And what did you then ask him?

Well, after being that close with him a couple of days earlier, I asked him: “What shall I do? I’ve got the list: I don’t want to disturb anybody; I don’t want to blame anybody; I don’t want to raise any scandal.” At that time, I still felt new to reporting on the Vatican. I rather continued to feel much more with the tortured Middle East, where I had sort of lost my heart in Jerusalem, after being stationed there for some years.

 

And what did he answer or counsel you?

He said: “Just follow your conscience.” He didn’t tell me to do or write this or that. So I wrote an article where I said, “Most of my colleagues here in Rome are looking at the conclave as though it were a Dan Brown novel.” But I also said that some of the cardinals didn’t seem to follow the instructions of the Church either, and I listed some names of those involved in my article.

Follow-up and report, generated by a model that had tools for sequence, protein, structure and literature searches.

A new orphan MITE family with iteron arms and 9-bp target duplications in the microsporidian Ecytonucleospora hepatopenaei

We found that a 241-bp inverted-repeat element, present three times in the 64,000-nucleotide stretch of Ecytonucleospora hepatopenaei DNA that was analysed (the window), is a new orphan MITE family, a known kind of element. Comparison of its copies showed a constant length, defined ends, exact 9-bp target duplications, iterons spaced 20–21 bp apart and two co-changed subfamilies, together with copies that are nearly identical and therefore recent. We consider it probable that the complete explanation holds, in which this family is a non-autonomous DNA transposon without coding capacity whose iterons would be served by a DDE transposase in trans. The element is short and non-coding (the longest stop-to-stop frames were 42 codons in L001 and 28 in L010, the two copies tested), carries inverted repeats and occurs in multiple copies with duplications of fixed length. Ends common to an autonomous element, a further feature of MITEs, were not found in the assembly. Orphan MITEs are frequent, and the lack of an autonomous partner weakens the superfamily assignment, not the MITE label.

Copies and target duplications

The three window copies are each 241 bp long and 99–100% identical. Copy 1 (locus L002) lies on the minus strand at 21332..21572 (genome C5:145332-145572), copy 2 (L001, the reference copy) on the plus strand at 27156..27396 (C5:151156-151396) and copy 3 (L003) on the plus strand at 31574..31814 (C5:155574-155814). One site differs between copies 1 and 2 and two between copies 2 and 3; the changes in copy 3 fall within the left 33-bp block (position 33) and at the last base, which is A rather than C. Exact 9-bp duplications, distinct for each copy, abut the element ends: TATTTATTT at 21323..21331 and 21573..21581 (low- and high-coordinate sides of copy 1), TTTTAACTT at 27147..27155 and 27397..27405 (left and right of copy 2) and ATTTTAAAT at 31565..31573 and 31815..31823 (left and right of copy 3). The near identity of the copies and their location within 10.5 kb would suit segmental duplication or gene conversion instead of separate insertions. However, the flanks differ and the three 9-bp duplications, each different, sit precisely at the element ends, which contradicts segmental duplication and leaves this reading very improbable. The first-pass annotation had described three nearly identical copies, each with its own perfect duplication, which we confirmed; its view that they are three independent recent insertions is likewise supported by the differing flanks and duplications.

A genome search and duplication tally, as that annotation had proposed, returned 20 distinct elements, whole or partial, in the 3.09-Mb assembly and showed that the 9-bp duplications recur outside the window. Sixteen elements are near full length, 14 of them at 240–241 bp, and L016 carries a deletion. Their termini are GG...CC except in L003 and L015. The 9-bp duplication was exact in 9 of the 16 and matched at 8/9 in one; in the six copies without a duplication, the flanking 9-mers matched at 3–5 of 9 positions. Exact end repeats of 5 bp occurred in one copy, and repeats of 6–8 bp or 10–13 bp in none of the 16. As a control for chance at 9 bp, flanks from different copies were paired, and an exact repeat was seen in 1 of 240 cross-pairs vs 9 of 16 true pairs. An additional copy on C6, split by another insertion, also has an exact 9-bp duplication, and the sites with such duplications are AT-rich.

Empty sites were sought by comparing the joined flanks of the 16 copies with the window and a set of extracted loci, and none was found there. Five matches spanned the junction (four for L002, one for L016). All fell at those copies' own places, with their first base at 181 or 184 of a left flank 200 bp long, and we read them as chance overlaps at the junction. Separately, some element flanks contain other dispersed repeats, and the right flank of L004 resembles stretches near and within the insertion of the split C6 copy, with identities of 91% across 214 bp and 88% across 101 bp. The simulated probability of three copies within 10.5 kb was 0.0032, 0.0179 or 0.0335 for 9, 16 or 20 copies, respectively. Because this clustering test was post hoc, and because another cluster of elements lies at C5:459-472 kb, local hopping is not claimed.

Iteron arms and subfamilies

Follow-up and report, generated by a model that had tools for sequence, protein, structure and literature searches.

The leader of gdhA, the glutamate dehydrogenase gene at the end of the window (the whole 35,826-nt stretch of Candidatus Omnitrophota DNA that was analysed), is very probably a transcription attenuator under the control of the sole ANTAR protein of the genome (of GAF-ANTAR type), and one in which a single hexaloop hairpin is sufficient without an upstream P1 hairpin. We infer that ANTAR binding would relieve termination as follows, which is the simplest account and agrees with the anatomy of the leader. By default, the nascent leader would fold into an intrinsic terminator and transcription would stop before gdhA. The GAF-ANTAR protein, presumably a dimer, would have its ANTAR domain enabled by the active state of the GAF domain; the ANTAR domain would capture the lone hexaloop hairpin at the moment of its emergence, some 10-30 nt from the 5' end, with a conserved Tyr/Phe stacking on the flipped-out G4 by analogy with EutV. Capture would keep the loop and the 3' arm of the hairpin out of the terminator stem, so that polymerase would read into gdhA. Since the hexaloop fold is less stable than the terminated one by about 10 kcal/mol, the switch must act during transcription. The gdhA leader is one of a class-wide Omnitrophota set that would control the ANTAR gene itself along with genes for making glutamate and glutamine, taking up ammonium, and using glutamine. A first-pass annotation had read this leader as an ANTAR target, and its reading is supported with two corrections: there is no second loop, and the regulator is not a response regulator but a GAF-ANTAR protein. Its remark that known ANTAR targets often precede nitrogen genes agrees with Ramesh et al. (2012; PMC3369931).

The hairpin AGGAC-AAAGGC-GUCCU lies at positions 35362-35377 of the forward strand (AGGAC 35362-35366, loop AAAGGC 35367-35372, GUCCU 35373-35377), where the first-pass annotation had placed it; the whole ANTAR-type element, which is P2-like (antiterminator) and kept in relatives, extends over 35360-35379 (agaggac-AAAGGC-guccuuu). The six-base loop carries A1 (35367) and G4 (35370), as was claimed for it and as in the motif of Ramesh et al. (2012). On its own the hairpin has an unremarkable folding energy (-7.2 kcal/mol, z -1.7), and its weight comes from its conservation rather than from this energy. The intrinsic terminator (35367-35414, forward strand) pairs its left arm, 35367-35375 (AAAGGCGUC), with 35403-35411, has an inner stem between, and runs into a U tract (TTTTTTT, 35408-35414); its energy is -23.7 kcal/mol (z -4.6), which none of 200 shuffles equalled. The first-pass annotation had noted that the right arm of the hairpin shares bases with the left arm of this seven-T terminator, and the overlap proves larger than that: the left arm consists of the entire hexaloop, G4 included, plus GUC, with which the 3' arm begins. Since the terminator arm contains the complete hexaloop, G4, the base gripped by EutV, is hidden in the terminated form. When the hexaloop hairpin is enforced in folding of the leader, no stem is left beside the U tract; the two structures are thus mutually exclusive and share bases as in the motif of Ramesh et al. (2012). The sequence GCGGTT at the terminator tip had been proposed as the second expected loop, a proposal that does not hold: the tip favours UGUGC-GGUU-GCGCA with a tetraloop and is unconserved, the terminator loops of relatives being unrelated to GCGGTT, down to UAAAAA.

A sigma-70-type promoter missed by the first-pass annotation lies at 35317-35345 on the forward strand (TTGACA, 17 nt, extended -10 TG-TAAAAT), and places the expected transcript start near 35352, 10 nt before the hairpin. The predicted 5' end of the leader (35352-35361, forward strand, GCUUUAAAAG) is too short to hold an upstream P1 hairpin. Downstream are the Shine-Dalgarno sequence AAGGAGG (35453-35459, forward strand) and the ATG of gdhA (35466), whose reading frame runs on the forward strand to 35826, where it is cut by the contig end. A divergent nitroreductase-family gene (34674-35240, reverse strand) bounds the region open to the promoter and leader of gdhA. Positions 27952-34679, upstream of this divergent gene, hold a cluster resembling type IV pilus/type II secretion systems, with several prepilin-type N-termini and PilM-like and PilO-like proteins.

How did things then proceed?

The next day, the conclave began, and everything went very fast. I was sure Meisner was furious, and I imagine that he fought like a lion, even though he couldn’t speak any languages. His Italian is poor, his English worse. He has a sense of Polish, but he surely must have suffered a lot by this inability, being always so courageously outspoken in his mother tongue. I met him again on the first night of the papal election in front of his hotel, and he still looked exhausted. “I can’t tell you anything,” he told me, “but it doesn’t break the secrecy of the conclave when I admit that these were the hardest days of my life.”

I don’t think that he had Ratzinger in mind as his personal choice before the conclave — no matter how friendly they were.

Cardinal Danneels, however, skipped the dinner to which Pope Benedict XVI had invited all cardinals after his election that very same day.

 

What are your reflections now?